“You wouldn’t expect Nate and Charlie to be friends. Charlie’s the laid-back captain of the basketball team, and Nate is the neurotic, scheming president of the robotics club. But they are friends, however unlikely — until Nate declares war on the cheerleaders, and the cheerleaders retaliate by making Charlie their figure-head in the ugliest class election campaign the school has ever seen. At stake? Student group funding that will either cover a robotics competition or new cheerleading uniforms — but not both.
Bad sportsmanship? Sure. Chainsaws? Why not! Nothing can possibly go wrong.

Dossouye: The Dancers of Mulukau by Charles Saunders

Another book I’ve been looking forward to is the second Dossouye book, about the adventures of a woman warrior from Abomey, a kingdom in a setting based on historical Africa. This one has been out for a while, I just haven’t had a chance to read it but I’ve loved all of Charles Saunders’ stories.

Bones of the Old Ones by Howard Andrew Jones

This is the second book in the Dabir and Asim historical fantasy series, and has just come out in hardcover. Set in 8th century Arabia, Dabir and Asim have adventures and solve magical mysteries. I loved the first book, The Desert of Souls, and have been looking forward to this one.

Oscar Wilde and the Murders at Reading Gaol: A Mystery by Gyles Brandreth

This is the latest in Brandreth’s Oscar Wilde historical mystery series. This is another series where I’ve enjoyed every book. Oscar is a funny, engaging, and sympathetic character, and the mysteries are intriguing. Also, Arthur Conan Doyle shows up occasionally.

Other things I Liked:

The Guild

The Guild is a webseries written by Felicia Day, now in its sixth season. It’s the story of a young woman, played by Felica Day, who is at a low point in her life and her only fun interactions are online, with the other members of her gaming guild. The series shows how they meet in person, and build real friendships and grow to support each other, and it’s all awesome and hilarious. The series is free to watch online, either at the original web site or on the Geek and Sundry YouTube channel. Season Five, where they all take a road trip to a big ComicCon-style convention, is my absolute favorite.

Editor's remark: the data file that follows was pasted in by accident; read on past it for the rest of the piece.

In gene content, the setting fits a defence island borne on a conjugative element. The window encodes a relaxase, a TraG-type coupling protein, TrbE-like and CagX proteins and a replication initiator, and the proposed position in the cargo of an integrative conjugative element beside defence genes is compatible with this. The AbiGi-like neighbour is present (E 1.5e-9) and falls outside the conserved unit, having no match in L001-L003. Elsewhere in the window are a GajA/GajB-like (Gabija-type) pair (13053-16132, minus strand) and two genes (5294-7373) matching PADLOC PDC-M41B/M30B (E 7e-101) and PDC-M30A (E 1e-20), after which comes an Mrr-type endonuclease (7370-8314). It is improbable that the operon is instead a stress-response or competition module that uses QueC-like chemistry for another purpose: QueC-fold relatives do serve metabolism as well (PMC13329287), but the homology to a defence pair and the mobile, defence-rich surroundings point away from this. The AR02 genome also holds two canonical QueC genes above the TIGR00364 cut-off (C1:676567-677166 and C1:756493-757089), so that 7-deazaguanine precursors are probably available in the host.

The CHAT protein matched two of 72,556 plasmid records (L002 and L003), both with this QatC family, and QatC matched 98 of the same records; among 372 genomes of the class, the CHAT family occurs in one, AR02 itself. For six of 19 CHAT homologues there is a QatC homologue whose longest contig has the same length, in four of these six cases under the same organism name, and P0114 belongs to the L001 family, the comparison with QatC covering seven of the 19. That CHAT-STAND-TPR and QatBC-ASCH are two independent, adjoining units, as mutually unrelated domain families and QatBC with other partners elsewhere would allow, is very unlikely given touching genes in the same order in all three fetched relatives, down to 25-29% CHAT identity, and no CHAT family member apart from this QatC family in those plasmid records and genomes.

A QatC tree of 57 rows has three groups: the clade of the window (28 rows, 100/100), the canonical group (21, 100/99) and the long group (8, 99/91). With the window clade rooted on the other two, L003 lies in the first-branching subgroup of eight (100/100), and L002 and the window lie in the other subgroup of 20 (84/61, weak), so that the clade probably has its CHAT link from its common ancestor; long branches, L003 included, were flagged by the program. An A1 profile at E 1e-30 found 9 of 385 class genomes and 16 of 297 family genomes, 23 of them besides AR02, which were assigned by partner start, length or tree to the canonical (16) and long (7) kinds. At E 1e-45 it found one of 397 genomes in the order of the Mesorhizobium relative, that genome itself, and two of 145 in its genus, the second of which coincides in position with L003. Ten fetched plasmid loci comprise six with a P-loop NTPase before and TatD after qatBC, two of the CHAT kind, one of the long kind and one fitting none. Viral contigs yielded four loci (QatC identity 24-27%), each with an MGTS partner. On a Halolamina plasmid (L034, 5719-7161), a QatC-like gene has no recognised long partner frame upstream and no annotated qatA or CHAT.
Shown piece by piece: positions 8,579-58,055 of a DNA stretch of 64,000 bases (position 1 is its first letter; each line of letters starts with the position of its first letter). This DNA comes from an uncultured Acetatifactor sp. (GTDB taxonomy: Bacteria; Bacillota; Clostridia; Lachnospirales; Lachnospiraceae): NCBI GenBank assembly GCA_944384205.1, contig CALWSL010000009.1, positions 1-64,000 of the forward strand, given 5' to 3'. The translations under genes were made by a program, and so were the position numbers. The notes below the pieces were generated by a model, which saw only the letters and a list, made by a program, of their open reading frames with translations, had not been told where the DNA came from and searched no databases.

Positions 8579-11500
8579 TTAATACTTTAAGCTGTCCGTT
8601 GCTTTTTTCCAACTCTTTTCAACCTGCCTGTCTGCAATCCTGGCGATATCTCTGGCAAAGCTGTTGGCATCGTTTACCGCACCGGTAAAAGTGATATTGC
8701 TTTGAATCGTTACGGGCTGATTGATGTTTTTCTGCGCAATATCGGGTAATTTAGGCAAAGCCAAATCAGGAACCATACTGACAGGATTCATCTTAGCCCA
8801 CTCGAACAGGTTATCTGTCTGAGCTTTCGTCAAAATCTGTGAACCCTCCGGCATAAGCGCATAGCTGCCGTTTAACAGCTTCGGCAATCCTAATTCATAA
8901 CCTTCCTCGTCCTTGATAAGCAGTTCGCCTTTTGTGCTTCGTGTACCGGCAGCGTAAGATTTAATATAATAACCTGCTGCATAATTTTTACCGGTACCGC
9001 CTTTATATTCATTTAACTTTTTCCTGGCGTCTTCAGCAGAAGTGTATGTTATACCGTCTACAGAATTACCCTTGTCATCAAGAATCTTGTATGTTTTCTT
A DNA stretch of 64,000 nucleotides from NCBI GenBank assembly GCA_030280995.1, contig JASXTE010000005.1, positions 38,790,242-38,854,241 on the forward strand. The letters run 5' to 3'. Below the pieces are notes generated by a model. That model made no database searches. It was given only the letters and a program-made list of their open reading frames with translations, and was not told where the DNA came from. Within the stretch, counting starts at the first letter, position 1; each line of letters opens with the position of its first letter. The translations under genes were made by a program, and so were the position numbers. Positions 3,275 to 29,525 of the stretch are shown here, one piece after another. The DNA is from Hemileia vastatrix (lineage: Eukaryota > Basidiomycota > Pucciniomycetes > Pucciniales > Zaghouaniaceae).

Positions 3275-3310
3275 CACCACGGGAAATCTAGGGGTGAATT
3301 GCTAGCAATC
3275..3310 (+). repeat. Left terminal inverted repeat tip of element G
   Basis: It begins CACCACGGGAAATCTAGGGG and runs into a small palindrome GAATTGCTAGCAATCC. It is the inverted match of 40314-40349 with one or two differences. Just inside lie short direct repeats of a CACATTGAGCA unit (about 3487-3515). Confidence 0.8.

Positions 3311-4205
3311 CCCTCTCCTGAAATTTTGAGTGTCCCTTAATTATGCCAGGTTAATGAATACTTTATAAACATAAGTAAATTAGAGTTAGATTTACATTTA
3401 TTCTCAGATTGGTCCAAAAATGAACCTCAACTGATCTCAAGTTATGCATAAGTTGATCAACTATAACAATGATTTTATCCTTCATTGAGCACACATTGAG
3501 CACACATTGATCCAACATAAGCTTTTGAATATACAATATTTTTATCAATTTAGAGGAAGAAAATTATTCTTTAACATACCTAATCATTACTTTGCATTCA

Free fantasy stories and novel excerpts at Black Gate Magazine

Black Gate is a fantastic fantasy adventure magazine, and has just started to post free fiction online here. Some of these stories have appeared in the print magazine and some will be new. The main blog site at http://www.blackgate.com/ also posts reviews and news. This is a great place to read stories by authors like Judith Berman, Harry Connolly, Dave Gross, and others.

Thanks for sharing your favorites, Martha!

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7 Responses to Smugglivus 2012 Guest Author: Martha Wells

  1. [...] Article FROM http://thebooksmugglers.com/2012/12/smugglivus-2012-guest-author-martha-wells.html < Welcome to Smugglivus 2012! Throughout this month, we will have daily guests – authors and [...]

  2. Linda W says:

    Gotta get my hands on Martha Wells’s books. They sound brilliant. And I’m so glad she mentioned Faith Erin Hicks’s new graphic novel. I enjoyed Friends with Boys. Although I’d hoped for a follow-up to that one, I’m glad to see anything new by Hicks.

  3. Estara says:

    Great selection, Martha. I loved your LJ article about those women screenwriters when you were reading the book. Did you see that Judith Tarr has re-released Lord of the Two Lands via BVC? That’s a great story of Alexander the Great and Egypt, with the point-of-view character being a pharaoh’s daughter, who wants to bring him to Egypt because she was asked by the gods to do so.

  4. Betty says:

    Great list of books! I am currently finishing a great historical fiction A paranormal tale of mysticism and magic during ancient Egyptian times. Once I am finished I am definitely checking out some of the books listed here.